It’s nice if the writers and artists of said show appreciate you. Without a fan base, many programs linger and die unmourned deaths, remembered on message boards in blurry screencaps or YouTube videos watermarked with the TV channel’s logo. Creators of entertainment should, if they’re kind and, more importantly, smart, appreciate the audiences that have championed their fame.
They still have no obligation to love their fan base back with the same fervor that the fans love them. The stories a show tells are its own. Even a program’s most fervent follower isn’t entitled to change the content the artist wants to deliver.
Fans can love that content. They can hate parts of it with a fiery passion. They can hate it for an ending that, to their minds, doesn’t quite work, and they can sure as hell critique it. Sites like this this one wouldn’t exist if we weren’t allowed to analyze and question our entertainment. Still, one can’t change what’s broadcast into a TV box unless they’re providing or else hired to shape that content.
The animated fantasy martial arts show aired from 2005 to 2008, a family show with a wide ensemble cast which stars the spirit of the world in one of his many human incarnations, Aang (voiced by Zach Tyler Eisen). It has nothing to do with James Cameron’s Avatar films and has regrettable connections with M. Night Shyamalan’s lackluster 2010 live-action adaptation of the series, The Last Airbender.
Detailed, often spiritual, and sometimes just plain beautiful to look at, the heavily Asian influenced fantasy show is a bright jewel in Nickelodeon’s recent programming.
It has garnered a huge following, not only among children and parents, but young adults who identify closely with some of the teenage protagonists. This includes, Katara (voiced by Mae Whitman), an approximately 14-year old member of the Water Tribe and the earliest ally of the show’s protagonist, and Zuko (Dante Basco) the show’s fire bending antihero and conflicted villain who makes good.
Katara has found a lot of popularity in fan fiction and fan art as a cypher for girls and young women. She’s thoughtful and loses her composure in only the most tense of situations. A number of fans have devoted very detailed fan fiction, art, and communities, meanwhile, to pairing her off with the anguished Prince Zuko.
I would by lying if I said I didn’t think pairing-off polar opposite characters as couples is bad storytelling. It’s a reliable plot, a very well used trope at this point but one that fosters great chemistry between leads. It’s an easy idea, though, and a classic arc that, according to a very relevant TV Tropes article, is at least as old as Much Ado About Nothing.
A couple of problems surface with being zealous about this pair. The first is that the contingent of fandom that adores the couple, “Zutarans,” has some very vocal members who insist that the relationship be canon and that the creators have actively made fun of the fans for thinking they were supposed to be.
This may be the case in all honesty, though, because of the second problem: the characters in question meet only a few times before teaming up at the end of the last season. The screen time they do share involves Zuko: invading Katara’s village in search of Avatar Aang (“The Avatar Returns”), tying her to a tree (“The Waterbending Scroll”), attacking her (“The Siege of the North,” “The Chase”) and betraying her (“The Crossroads of Destiny”).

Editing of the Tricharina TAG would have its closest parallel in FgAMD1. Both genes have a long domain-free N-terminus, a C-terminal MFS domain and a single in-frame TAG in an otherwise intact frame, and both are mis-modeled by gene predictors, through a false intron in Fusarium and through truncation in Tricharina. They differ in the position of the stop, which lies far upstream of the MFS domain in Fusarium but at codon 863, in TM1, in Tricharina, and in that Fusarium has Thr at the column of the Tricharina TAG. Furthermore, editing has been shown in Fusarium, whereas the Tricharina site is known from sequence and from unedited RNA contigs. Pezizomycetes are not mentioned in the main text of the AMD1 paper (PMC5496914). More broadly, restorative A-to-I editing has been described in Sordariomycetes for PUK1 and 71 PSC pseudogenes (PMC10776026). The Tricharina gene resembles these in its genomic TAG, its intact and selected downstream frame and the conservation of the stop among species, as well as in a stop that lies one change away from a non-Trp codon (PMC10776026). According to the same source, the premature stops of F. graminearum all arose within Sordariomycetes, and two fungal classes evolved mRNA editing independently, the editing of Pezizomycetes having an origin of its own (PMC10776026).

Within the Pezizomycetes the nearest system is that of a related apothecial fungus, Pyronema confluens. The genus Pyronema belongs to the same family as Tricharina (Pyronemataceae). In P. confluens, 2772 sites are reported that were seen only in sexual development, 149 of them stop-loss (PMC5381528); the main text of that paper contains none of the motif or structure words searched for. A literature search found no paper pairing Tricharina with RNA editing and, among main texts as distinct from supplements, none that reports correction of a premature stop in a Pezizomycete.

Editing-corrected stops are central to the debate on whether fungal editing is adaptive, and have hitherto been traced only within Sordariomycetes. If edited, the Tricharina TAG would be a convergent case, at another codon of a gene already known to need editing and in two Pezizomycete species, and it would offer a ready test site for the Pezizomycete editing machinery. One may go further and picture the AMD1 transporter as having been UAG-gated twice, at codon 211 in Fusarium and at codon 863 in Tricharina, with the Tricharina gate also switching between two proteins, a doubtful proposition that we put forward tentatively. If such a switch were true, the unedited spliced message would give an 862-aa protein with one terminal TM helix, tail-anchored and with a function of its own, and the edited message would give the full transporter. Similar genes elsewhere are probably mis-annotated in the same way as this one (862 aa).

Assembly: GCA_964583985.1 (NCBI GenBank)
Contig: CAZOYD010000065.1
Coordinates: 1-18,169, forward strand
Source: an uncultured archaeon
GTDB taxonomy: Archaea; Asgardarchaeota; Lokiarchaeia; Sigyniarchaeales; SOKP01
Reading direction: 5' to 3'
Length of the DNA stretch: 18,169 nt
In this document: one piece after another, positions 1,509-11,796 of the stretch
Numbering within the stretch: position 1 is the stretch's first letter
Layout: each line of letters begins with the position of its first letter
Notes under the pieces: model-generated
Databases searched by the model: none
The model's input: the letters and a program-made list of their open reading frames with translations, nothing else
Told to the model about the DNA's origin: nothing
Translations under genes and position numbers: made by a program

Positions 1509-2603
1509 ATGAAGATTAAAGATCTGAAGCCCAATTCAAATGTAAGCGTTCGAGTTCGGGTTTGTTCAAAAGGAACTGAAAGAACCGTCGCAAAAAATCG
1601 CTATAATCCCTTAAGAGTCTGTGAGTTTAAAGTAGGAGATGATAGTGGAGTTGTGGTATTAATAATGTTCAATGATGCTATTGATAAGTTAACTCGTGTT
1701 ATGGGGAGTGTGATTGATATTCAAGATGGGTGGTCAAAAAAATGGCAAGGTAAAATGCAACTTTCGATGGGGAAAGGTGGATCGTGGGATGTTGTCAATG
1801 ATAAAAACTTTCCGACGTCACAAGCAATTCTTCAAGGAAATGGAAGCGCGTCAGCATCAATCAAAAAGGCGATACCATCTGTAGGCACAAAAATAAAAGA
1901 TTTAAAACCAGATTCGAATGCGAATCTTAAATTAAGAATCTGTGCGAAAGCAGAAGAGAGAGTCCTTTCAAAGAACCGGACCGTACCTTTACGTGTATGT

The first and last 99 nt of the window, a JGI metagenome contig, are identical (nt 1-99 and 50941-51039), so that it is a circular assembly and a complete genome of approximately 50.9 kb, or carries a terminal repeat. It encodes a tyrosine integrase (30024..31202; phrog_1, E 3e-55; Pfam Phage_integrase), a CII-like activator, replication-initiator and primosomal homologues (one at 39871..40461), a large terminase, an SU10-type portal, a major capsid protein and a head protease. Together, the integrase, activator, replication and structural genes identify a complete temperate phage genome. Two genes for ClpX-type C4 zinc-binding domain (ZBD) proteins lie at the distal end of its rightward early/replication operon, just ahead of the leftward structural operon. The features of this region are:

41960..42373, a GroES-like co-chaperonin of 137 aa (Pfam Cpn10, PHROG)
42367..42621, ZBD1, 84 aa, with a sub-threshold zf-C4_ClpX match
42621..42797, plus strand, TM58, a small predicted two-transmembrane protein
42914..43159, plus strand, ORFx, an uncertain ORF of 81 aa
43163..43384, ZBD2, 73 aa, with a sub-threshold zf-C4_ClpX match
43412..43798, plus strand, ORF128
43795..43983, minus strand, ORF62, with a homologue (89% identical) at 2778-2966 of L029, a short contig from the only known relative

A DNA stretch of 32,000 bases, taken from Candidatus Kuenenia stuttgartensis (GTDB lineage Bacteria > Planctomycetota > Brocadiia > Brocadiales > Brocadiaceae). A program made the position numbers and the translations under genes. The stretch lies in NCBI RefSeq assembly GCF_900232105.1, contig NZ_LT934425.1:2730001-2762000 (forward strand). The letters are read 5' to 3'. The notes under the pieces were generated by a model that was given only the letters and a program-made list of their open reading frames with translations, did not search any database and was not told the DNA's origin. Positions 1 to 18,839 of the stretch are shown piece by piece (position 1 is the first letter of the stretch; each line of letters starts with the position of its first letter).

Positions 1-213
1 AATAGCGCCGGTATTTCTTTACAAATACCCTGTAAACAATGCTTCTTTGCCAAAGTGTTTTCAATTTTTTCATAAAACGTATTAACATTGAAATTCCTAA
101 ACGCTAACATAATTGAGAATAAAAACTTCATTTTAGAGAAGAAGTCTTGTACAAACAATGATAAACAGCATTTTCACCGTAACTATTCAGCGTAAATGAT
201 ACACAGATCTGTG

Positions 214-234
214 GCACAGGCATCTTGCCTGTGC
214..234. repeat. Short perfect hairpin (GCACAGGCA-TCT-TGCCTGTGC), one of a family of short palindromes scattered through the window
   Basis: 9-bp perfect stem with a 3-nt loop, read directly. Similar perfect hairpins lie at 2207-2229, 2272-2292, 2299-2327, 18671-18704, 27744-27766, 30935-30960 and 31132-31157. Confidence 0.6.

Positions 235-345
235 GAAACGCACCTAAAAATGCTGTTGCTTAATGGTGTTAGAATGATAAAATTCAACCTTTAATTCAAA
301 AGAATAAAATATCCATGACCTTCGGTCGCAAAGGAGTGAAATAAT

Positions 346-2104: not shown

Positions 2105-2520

It’s a testament to the power of tropes that this little shared screen time and animosity is interpreted as a love connection. Popular entertainment conditions its viewers to expect certain developments in a story. When two beloved characters pay attention to each other in a certain context, that translates as “romance” for any audience that has a passing familiarity with Beauty and the Beast.
Even if that context is violence.
Maybe especially if that context is violence, judging by the number of fans who respond strongly to Zuko tying Katara to a tree. It is fantasy, I guess, and a fictional hate-to-love romance is better than audiences attempting to reconstruct it in real life. It’s excellent catharsis.
But that isn’t the story Avatar: The Last Airbender wanted. The context of Zuko and Katara’s relationship is violence up to the end of the third season, where he understandably has to work for her trust. Katara, meanwhile, spends a lot more time supporting and building an emotional bond with Aang. He’s a suitor that, while a year younger than her, certainly seems like a gentler, more stable option than the moody Fire Nation prince.
Stability doesn’t make for a very good will-they-won’t-they romance, however, but that’s not what the series creators wanted to make. This isn’t due to a lack of “appreciation” on their part, it’s just that an earth-shattering, high-drama romance wasn’t a part of the series’ shape. Co-creator Bryan Konietzko, for his part, certainly adores his fans enough to make a Tumblr account with daily images of the next series set in the same universe, The Legend of Korra. Which I find to be quite nice.
Fans, of course, are entitled to loving a show for their own reasons and taking from it what they like best, especially if the things they like best feed a burning passion that would otherwise go hungry. The original show, though, is ideally beholden to no one but the whims of the artists and the vision that they try their best to bring to the rest of the world.